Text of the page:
Novak Djokovic scored a big win at Wimbledon, securing a record 20th

Novak Djokovic won his 20th Grand Slam title on Sunday, tying Roger Federer and Rafael Nadal together, 6-7 in the Wimbledon final ( 4), 6-4, 6-4, 6-3 defeated Matteo Berrettini.

The number one Djokovic has won the championship for the third time in a row at the All England Club, with a total score of sixth.

He added that of the nine Australian Open titles, the three U.S. Open titles, and the French Open’s two titles, he and his two opponents have won the most in tennis history. The championships are equal.

The 34-year-old from Serbia is now the only one since Rod Laver in 1969 to win the first three Grand Slams in a season. He could fight for a calendar year grand slam at the US Open that started in New York on August 30-this was the last thing a man did, when Laver did it 52 years ago.

This is Djokovic’s 30th Grand Slam final-among men, only Federer has played more, 31 games-and the No. 7 seeded Italian 25-year-old Berrettini’s first Finals.

Watch | Djokovic sets his 20th Grand Slam title:

Novak Djokovic continued to make tennis history, this time he defeated Matteo Berrettini 6-7(4), 6-4, 6-4, 6-3 in London. 2:57

For the Italians, this is an important sports day in London: their national football team will face the England team at Wembley Stadium in the evening of the European Cup final.

Marija Cicak presided over the first female presidential referee in the men’s finals that began in 1877. The game started on Centre Court because the sun rarely appeared within two weeks and the sky was visible between the clouds.

Both sides showed signs of impatience in the first game, especially Djokovic-his two double errors resulted in six combined unforced errors. In contrast, the winner of either side was zero. . He faces a break point, but stays stable and stays there, as in every set, Djokovic takes the lead with Berrettini’s fast serve.

Berrettini hit 101 aces, the highest in the tournament. This is the basis of his game: serve points and forehands, which earned him the nickname “hammer”.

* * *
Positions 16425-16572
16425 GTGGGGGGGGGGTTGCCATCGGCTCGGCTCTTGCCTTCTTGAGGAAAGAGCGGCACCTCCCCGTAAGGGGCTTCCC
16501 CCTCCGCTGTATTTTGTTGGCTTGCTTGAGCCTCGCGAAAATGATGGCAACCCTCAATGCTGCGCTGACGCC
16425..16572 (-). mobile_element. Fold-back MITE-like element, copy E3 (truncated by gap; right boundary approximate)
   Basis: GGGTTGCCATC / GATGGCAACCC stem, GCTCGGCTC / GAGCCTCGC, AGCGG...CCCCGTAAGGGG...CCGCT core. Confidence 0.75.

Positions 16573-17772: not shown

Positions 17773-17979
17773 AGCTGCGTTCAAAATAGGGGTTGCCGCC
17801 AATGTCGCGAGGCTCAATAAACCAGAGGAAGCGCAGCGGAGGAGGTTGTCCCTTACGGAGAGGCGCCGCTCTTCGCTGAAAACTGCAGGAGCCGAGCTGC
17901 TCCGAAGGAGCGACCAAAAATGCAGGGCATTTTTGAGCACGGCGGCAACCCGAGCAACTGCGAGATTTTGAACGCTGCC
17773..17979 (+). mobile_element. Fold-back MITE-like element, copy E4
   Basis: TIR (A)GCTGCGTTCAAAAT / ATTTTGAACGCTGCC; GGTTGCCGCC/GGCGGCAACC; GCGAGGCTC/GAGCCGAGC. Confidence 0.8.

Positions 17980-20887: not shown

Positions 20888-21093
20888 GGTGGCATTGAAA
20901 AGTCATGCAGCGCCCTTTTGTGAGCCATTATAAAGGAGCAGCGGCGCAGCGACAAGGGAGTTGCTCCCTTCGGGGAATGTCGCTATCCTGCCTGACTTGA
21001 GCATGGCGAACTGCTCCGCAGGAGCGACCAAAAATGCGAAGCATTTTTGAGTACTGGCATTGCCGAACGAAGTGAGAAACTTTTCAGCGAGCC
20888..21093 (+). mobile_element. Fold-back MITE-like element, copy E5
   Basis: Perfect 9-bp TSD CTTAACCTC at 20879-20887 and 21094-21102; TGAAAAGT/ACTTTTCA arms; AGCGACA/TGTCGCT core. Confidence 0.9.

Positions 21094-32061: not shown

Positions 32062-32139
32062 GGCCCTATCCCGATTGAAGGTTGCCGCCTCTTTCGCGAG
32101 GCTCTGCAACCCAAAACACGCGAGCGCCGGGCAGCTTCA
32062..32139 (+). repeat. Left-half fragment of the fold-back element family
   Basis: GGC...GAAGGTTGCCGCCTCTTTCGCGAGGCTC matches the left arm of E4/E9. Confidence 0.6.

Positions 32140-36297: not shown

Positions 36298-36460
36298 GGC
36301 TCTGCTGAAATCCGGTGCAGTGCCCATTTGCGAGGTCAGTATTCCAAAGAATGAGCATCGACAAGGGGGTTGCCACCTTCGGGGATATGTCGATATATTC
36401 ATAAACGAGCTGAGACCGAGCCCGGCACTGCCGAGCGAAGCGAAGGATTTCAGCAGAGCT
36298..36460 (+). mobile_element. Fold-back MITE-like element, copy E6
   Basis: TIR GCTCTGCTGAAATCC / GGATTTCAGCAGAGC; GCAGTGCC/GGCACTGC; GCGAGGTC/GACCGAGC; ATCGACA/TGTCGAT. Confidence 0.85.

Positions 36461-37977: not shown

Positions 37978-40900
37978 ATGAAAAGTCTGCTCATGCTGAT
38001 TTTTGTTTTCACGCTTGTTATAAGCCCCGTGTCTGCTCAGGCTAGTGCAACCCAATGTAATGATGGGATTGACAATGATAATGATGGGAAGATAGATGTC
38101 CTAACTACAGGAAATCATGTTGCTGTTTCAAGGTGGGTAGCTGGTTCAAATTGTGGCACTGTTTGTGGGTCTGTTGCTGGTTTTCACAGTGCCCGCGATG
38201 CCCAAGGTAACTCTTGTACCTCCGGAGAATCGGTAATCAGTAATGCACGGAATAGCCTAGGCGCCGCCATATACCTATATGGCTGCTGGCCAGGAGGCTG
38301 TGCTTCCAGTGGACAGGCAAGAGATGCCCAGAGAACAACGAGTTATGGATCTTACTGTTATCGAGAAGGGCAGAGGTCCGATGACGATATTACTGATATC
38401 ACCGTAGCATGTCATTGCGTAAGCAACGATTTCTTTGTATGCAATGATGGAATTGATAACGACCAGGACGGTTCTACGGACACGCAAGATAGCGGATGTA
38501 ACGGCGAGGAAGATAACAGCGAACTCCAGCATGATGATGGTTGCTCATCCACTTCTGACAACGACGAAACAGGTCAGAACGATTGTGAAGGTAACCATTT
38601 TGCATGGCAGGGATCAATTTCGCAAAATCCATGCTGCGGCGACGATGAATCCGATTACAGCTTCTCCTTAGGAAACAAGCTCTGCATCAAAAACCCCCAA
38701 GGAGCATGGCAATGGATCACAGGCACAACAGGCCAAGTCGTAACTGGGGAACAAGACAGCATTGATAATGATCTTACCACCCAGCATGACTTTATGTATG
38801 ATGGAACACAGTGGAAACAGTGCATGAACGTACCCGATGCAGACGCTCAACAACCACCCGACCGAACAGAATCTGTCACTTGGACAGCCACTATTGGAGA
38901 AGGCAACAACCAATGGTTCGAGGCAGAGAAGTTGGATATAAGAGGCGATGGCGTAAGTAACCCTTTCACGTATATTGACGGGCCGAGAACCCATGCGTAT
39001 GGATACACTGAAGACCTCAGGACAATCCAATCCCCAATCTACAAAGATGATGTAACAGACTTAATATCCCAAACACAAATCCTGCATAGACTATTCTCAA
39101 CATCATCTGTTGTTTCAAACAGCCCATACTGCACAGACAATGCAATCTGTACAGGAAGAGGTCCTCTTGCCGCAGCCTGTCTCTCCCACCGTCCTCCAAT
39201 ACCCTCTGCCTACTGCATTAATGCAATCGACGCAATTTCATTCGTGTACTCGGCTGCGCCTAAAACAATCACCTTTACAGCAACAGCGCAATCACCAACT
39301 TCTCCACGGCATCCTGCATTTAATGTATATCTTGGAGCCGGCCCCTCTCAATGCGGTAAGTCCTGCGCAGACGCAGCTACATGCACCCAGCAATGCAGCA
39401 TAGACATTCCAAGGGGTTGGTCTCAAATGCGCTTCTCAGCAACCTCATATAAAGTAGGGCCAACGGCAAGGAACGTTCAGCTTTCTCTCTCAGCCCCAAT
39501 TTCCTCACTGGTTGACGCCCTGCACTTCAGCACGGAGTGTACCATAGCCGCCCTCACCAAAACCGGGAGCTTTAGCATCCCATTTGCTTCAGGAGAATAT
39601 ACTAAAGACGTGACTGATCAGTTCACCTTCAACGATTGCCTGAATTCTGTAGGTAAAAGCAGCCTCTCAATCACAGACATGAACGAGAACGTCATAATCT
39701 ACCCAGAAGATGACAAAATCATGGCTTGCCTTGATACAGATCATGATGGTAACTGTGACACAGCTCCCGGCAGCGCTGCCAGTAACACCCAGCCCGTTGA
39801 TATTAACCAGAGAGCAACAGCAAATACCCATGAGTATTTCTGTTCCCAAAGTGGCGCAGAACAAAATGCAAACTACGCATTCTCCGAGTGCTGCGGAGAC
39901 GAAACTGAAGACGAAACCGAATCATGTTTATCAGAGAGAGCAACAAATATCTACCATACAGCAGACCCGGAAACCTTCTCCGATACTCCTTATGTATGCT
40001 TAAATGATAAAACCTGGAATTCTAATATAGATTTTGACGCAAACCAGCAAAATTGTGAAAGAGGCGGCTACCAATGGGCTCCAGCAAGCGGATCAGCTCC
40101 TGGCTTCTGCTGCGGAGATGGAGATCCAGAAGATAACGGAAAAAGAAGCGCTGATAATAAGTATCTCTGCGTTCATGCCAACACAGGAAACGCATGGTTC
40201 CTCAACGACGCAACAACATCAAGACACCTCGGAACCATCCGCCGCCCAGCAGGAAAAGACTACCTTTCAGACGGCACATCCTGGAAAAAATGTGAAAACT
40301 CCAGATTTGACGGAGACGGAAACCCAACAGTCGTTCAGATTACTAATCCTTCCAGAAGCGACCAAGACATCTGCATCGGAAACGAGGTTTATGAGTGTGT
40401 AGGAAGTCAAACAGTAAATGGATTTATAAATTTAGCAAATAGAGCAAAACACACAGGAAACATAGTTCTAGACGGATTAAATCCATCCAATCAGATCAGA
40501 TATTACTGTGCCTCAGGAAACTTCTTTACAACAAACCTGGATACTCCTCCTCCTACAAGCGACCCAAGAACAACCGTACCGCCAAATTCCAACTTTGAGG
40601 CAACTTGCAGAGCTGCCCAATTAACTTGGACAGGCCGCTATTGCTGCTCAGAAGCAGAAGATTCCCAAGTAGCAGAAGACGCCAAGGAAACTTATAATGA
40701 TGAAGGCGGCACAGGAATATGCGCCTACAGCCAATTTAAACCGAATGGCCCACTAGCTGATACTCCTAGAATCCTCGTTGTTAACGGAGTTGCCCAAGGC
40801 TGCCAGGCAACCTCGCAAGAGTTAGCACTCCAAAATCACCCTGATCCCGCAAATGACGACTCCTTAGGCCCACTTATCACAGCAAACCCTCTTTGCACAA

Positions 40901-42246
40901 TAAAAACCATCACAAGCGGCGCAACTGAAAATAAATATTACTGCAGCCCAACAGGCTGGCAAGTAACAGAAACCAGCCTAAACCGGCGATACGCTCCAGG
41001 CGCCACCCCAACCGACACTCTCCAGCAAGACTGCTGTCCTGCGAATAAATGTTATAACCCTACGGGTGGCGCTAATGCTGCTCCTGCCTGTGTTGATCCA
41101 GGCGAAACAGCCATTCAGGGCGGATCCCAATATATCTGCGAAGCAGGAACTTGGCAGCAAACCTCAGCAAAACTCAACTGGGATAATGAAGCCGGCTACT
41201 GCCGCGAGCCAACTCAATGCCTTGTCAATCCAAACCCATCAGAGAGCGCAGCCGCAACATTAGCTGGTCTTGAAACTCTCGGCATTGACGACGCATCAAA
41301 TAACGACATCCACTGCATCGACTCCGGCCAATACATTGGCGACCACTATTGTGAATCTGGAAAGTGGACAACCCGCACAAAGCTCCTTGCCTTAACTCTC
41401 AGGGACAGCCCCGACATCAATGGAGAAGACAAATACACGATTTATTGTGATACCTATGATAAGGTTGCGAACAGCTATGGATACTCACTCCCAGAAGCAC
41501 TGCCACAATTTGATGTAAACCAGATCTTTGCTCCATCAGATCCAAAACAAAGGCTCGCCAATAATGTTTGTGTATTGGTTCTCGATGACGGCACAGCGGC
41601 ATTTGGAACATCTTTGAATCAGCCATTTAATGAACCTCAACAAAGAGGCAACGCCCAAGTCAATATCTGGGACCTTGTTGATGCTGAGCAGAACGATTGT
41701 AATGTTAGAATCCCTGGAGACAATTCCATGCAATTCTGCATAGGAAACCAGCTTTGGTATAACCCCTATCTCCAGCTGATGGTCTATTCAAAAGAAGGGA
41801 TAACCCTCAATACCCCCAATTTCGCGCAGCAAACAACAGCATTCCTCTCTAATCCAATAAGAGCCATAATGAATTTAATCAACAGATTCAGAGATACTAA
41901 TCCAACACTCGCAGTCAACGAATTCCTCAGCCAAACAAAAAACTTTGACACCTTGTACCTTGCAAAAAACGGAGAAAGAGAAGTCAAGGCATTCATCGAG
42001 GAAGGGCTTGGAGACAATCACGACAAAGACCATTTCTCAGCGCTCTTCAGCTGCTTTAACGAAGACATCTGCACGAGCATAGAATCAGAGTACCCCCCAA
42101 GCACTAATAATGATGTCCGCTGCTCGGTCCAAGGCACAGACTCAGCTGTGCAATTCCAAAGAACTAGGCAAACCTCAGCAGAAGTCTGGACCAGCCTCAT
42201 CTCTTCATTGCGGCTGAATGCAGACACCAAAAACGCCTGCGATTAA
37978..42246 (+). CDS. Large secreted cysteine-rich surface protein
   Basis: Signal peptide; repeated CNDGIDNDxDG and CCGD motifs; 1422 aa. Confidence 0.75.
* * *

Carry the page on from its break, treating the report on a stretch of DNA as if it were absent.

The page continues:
Those powerful moves made the judges twist their heads to avoid injury. Occasionally, Djokovic would cover himself, squat down and raise the racket as if it were a shield to block the serve against his body.

Not many opponents returned the ball at 137 mph and eventually won a point, but Djokovic did it at least twice. And Berretini, who is 6 feet 5 inches tall and has a full chest, can surpass most other players’ big shots and keep coming back from Djokovic’s racket.

This is what Djokovic did: He just forced the enemy to work hard to win every point, let alone a game, a game, a game.

Djokovic celebrated his victory at Wimbledon in London on Sunday. (Peter Van den Berg/USA Today Sports)

In fact, the game could have ended earlier: Djokovic led 4-1 in the first set, 4-0 in the second set, and 3-1 in the third set. But especially in the first game, he faltered in a way he rarely did, wasted a set point, and was broken when he distributed the ball with a 5-3 ratio.

In the deciding game that followed, they tied for 3, but Berrettini used a forehand to win three of the next four points and ended the game with an aces of 138 mph.

He swaggered to the conversion, and many of the nearly 15,000 people in the house stood up to celebrate with him.

However, if Djokovic is not a fighter, he is nothing-he reversed two defeats in the French Open final last month-he is back in this game, and finally Djokovic Kovic backed on the court, basking in the crowd. Cheers.

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